Ericsson, which outsourced its logistics department a decade ago and brought it back within five years, now has the logistics expertise to manage an extensive global supply chain, utilize the transportation management systems and dictate to third-party logistics providers how to execute its strategy. Mellin said there are 100 people on his logistics team, with five persons dedicated to simulating distribution scenarios to help the company optimize the location of distribution centers and shipping routes. Ericsson is less dependent now on 3PLs for strategic planning and can instruct them on which preferred carriers to use.
“There is no more guessing. We really have scientific aids to help us with decisions,” he said. The transportation management systems allow Ericsson to plan use of scheduled transport service instead of charters, consolidate shipments into larger loads and otherwise take control of its network.
During the past three years, the telecom manufacturer has downsized to between five and seven global logistics providers and is significantly rationalizing hundreds of local and regional operators to better enable electronic data sharing and quick changes to the supply chain, Mellin said.
The logistics department was able to switch many shipments from air to truck within one day during the volcanic ash incident, which made officials realize that they had the ability to switch between modes and 3PLs as necessary to meet delivery schedules, he added.
The Swedish company has also developed a more sophisticated way of running requests for proposals, which is especially helpful when it wants to test out new shipping lanes.
Tough Medicine. Mellin delivered a blunt message to air cargo professionals that the industry needs to treat customers better if it wants to win back more of their business.
Topping his list of pet peeves are ad hoc surcharges, beyond fuel, that air carriers add to the invoice. 3PLs either pass through the fees or, if Ericsson complains, build a premium rate designed to cover those costs.
“No way, we can’t just accept that. We have a budget. We have a plan, we have a margin. We have told the customer how much we’re going to spend. That’s not a professional way of working,” he said.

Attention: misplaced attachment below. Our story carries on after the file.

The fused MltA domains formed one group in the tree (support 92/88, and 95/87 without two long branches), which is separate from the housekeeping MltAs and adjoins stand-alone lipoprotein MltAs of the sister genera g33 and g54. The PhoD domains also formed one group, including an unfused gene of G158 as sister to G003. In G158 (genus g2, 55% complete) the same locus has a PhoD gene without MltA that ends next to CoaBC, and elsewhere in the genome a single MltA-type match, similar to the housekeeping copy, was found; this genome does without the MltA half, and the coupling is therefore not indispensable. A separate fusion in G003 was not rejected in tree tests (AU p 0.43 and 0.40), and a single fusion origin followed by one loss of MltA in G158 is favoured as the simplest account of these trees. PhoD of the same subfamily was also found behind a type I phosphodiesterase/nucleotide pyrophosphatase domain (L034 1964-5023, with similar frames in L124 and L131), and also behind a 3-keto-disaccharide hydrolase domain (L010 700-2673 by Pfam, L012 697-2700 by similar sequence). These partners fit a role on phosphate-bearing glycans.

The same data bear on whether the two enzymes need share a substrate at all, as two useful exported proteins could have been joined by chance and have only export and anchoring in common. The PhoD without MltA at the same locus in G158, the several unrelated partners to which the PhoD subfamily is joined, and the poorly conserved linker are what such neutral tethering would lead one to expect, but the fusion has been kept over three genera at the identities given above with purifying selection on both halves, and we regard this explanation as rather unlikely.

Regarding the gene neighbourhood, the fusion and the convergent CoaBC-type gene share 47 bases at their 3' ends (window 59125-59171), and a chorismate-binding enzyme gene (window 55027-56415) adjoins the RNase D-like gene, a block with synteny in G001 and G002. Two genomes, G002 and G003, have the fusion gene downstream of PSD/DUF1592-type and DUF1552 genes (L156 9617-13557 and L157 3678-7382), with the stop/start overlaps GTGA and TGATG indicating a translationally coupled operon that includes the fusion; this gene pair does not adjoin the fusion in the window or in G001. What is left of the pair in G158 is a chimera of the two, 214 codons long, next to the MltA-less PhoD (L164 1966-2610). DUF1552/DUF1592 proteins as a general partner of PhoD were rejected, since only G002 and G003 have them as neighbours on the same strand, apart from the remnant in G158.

Airlines also need to align their systems for reporting CO2 because the methodologies vary so widely that Ericsson can’t give an accurate measure of output to its customers.
“When I get an airway bill, I’d like to see how much CO2 is spent. There should be differentiation by what kind of plane is used because otherwise I don’t have an incentive” to seek out other carriers with better aircraft, Mellin said.
Ericsson requests that its logistics service providers use carriers that rate high on the environmental index of the Clean Shipping Project, a Swedish organization.
Airlines, Mellin recommended, should convert to electronic transactions for everything from booking, billing, track and trace, and real-time event notifications, to responding to requests for price quotes. Other modes do a better job providing shipment updates, he noted. Major airlines have adopted the industry’s e-freight initiative in varying degrees, but many forwarders and airlines still rely on paper documentation to accompany shipments.
Mellin also had advice for 3PLs, saying they too often act as a barrier to communication between shippers and carriers. Logistics companies should facilitate collaboration between all three parties to jointly optimize their processes, he stressed.
“I feel sometimes that logistics service providers become a big, fat wet blanket around (carriers),” that prevent a look over the horizon at a shipper’s future strategic direction and demand. “If we can sit together, we can explain where we are going” to help carriers become more efficient in their planning, he said.
Airlines and forwarders need to do a better job educating shippers about new safety and security regulations so compliance steps can be built into lead times for delivery, Mellin added.
Michael Steen, who recently ended a two-year term as TIACA chairman and is the chief commercial officer at Atlas Air Worldwide Holdings in Purchase, N.Y., praised Mellin for spurring a better dialogue between shippers, carriers, airports, handling agents and the rest of the air cargo industry.
His message “triggers the industry to explain its value proposition to companies like Ericsson to make sure it can deliver the speed and transparency, and be able to measure, plan and perform in the right manner at the right cost,” Steen said.
Air cargo can successfully compete when the total landed cost of shipping is considered, he stressed at a press conference later in the event.
Steen noted in an interview that all-cargo carrier Atlas Air is a shipper too because it needs spare parts for maintenance and outsources shipping to logistics providers, “so we can relate to Mellin.”
The International Civil Aviation Organization has already developed a carbon calculator for passenger travel based on aircraft type and TIACA will try to get it adapted for freight so that shippers can use it as a model, Steen promised in Dallas.
He expressed optimism for the long-term future of air cargo, pointing out that the need for air freight is unchanged in underdeveloped countries lacking good roads, railroads, and port infrastructure, and perishables, smartphones and pharmaceuticals and will always go by air. Air freight is the dominant transport mode for Spanish clothier Zara, which specializes in timing store deliveries when demand is highest and the chain can command higher prices, he noted. Demand for those types of high-value products will increase as the middle class grows around the world, he added.